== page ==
House orientation

Last updated: 9 August 2023

house orientation

If your home is oriented to take advantage of warm sun and cooling breezes, you'll achieve greater comfort at lower cost.

Here comes the sun

In general, ideal orientation means:

  • you get the right amount of sun – plenty in winter and in cooler climates
  • you're sheltered from strong/cold winds but can take advantage of breezes to cool your home when it is too warm.

When you're designing a home or planning renovations, there'll also be other considerations such as local climate, view, terrain, vegetation, street access and noise. You'll need to balance these against the benefits you can achieve through harnessing the sun's energy for heating and breezes for cooling.

When should you think about orientation?

It's important to consider orientation before you buy a property (including an apartment or townhouse), or start designing a new home or renovation.

It's also worth considering orientation for your existing home, especially if there are small or no windows facing north, or large areas of glazing facing east, west, or south. There may be simple ways to make the most of the orientation – for example, increasing the size of north-facing windows or swapping the use of existing rooms so that the sunniest rooms become your living areas.

Positioning for sun

The exact amounts and proportions of glazing you choose will vary depending on other considerations such as:

  • climate
  • the level of insulation in your home
  • the thermal performance of windows and window frames, particularly in existing houses.

It is also worth considering the type of glazing alongside the placement and number of windows. For example, if you want south-facing windows to capture the view, consider fewer or smaller picture windows, that frame the view.

If you are building new, consider upgrading to windows with a thermal performance that is better than the minimum requirements under the Building Code.

If you are renovating, consider at least double glazing with a high-performing Low E (low emissivity) coating for any window you replace. Low E glass has a virtually invisible coating that lets light into your home, while reflecting heat. It improves double and triple glazing to better insulate your home in winter and to help keep your home cooler in summer.

And remember that frames are just as important as panes. If you are selecting your window frames, consider paying a little extra for thermally broken frames, or frames made from uPVC or timber – these will significantly reduce (or possibly even eliminate) window condensation, so you won't have to wipe down your windows or repaint your window sills as often.

Architectural trends in residential design since the 1950s have led to larger windows, and more of them. Bigger windows let more heat in during summer and let more heat out in winter. You will want to carefully consider the size and placement of windows – bigger isn't always better.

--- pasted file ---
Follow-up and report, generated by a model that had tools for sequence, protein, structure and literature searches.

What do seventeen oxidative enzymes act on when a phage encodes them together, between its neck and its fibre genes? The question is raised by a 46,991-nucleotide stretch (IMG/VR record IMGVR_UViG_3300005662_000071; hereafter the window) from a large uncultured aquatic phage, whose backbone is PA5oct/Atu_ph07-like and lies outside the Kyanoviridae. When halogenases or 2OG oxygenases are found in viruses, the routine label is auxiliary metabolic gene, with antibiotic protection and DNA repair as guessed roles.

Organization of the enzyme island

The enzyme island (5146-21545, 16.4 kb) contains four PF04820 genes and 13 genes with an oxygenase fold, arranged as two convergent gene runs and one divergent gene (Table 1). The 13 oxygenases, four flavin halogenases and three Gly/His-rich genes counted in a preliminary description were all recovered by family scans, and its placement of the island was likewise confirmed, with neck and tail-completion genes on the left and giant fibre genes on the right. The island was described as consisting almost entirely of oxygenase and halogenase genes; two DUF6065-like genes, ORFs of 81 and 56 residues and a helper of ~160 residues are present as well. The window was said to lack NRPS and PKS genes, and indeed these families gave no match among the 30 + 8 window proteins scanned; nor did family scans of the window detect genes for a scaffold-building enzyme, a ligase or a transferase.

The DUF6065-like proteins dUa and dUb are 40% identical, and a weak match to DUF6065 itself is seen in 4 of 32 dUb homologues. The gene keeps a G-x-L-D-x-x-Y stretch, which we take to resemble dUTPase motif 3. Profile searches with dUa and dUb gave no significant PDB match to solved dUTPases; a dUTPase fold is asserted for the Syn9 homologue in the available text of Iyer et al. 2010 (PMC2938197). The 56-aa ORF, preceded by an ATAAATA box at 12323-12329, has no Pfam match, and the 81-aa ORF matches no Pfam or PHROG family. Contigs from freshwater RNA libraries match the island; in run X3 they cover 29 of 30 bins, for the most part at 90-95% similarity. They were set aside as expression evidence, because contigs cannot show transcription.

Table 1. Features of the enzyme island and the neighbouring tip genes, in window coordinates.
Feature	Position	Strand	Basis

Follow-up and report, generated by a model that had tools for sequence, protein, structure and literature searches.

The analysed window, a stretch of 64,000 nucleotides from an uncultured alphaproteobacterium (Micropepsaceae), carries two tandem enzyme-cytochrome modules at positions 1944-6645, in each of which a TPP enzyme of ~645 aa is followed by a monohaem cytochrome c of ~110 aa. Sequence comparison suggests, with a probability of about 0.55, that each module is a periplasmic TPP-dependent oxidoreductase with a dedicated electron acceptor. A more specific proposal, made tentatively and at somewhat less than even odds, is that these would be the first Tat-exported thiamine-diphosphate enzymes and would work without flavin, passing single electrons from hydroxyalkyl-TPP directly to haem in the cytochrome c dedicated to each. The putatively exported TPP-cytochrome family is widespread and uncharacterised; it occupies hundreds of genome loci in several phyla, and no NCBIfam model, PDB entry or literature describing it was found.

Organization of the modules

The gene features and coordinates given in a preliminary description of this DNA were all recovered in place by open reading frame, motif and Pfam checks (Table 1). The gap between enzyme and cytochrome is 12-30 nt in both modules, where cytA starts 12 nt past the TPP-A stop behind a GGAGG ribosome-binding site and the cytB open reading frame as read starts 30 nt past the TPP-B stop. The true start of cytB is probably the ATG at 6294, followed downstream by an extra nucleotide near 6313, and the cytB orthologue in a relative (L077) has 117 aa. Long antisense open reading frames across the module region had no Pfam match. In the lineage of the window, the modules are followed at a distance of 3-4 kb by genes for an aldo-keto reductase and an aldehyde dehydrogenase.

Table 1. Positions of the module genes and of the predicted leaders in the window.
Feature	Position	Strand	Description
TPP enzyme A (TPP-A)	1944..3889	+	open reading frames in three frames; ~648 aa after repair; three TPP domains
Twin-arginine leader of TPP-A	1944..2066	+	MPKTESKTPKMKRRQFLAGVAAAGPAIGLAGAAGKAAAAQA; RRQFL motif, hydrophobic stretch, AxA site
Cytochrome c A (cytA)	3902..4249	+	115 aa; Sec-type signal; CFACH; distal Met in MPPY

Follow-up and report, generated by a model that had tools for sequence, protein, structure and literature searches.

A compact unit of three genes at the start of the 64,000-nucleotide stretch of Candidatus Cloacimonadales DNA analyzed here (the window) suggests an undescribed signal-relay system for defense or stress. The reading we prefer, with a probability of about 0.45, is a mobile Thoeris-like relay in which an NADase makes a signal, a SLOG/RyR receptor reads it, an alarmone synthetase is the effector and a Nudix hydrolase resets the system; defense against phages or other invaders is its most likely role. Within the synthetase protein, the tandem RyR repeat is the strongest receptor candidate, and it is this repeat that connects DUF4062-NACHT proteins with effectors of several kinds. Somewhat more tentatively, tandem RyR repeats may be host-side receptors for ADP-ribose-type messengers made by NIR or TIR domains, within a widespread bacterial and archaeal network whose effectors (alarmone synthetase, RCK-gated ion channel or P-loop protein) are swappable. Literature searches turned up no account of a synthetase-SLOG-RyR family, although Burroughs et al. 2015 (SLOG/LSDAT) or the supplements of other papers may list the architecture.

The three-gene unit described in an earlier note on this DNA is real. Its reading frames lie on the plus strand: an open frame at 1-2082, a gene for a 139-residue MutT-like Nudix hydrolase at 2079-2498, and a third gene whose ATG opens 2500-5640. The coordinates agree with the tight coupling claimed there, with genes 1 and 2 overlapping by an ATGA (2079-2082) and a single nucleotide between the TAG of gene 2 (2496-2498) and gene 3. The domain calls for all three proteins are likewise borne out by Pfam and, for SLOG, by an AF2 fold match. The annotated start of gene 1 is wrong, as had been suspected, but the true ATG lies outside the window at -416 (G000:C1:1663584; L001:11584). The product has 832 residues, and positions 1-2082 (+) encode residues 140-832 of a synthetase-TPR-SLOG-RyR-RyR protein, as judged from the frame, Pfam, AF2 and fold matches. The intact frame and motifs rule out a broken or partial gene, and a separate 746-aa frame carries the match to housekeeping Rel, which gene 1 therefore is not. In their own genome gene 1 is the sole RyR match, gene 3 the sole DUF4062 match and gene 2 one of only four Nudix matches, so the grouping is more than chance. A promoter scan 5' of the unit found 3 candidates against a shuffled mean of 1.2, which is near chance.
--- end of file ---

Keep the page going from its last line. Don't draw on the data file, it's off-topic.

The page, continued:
To make the most of the sun for warmth and natural light, your home's main living areas (or any rooms you use a lot) should face north. The main glazing in the house, such as windows and glass doors, should also face north. Anywhere between 20°W – 30°E of true north is fine.

Avoid large west-facing windows that can cause significant overheating in summer. Consider movable external shading, or use glass with a low solar heat gain coefficient on that side of the home.

Illustration showing a house orientation and window placement. On the north side of the house, windows are sized to get winter sun but summer shade. To the east, windows are sized to get morning sun. To the west, windows are sized to afternoon sun while avoiding glare and overheating. Windows on the south side are kept smaller.


Illustration of two rooms and their window placement in order to get the most sun. One of the rooms has a north-facing wall. This wall has a large window to get the sun. The other room does not have a north-facing wall (one of the corners is facing north. In this room, windows are placed on either side of the north-facing corner to capture the sun.

Even if your home doesn't face true north, windows can be positioned to get north sun.

Illustration of a house and the sun's path. It shows how in winter the sun travel lower than in summer.

The sun travels higher in the sky in summer.




Illustration of a house showing a clerestory window, which allows north sun to come into a south-facing home.

A clerestory window will bring north sun into a south-facing home.



This information is published by the Ministry of Business, Innovation and Employment’s Chief Executive. It is a general guide only and, if used, does not relieve any person of the obligation to consider any matter to which the information relates according to the circumstances of the particular case. Expert advice may be required in specific circumstances. Where this information relates to assisting people: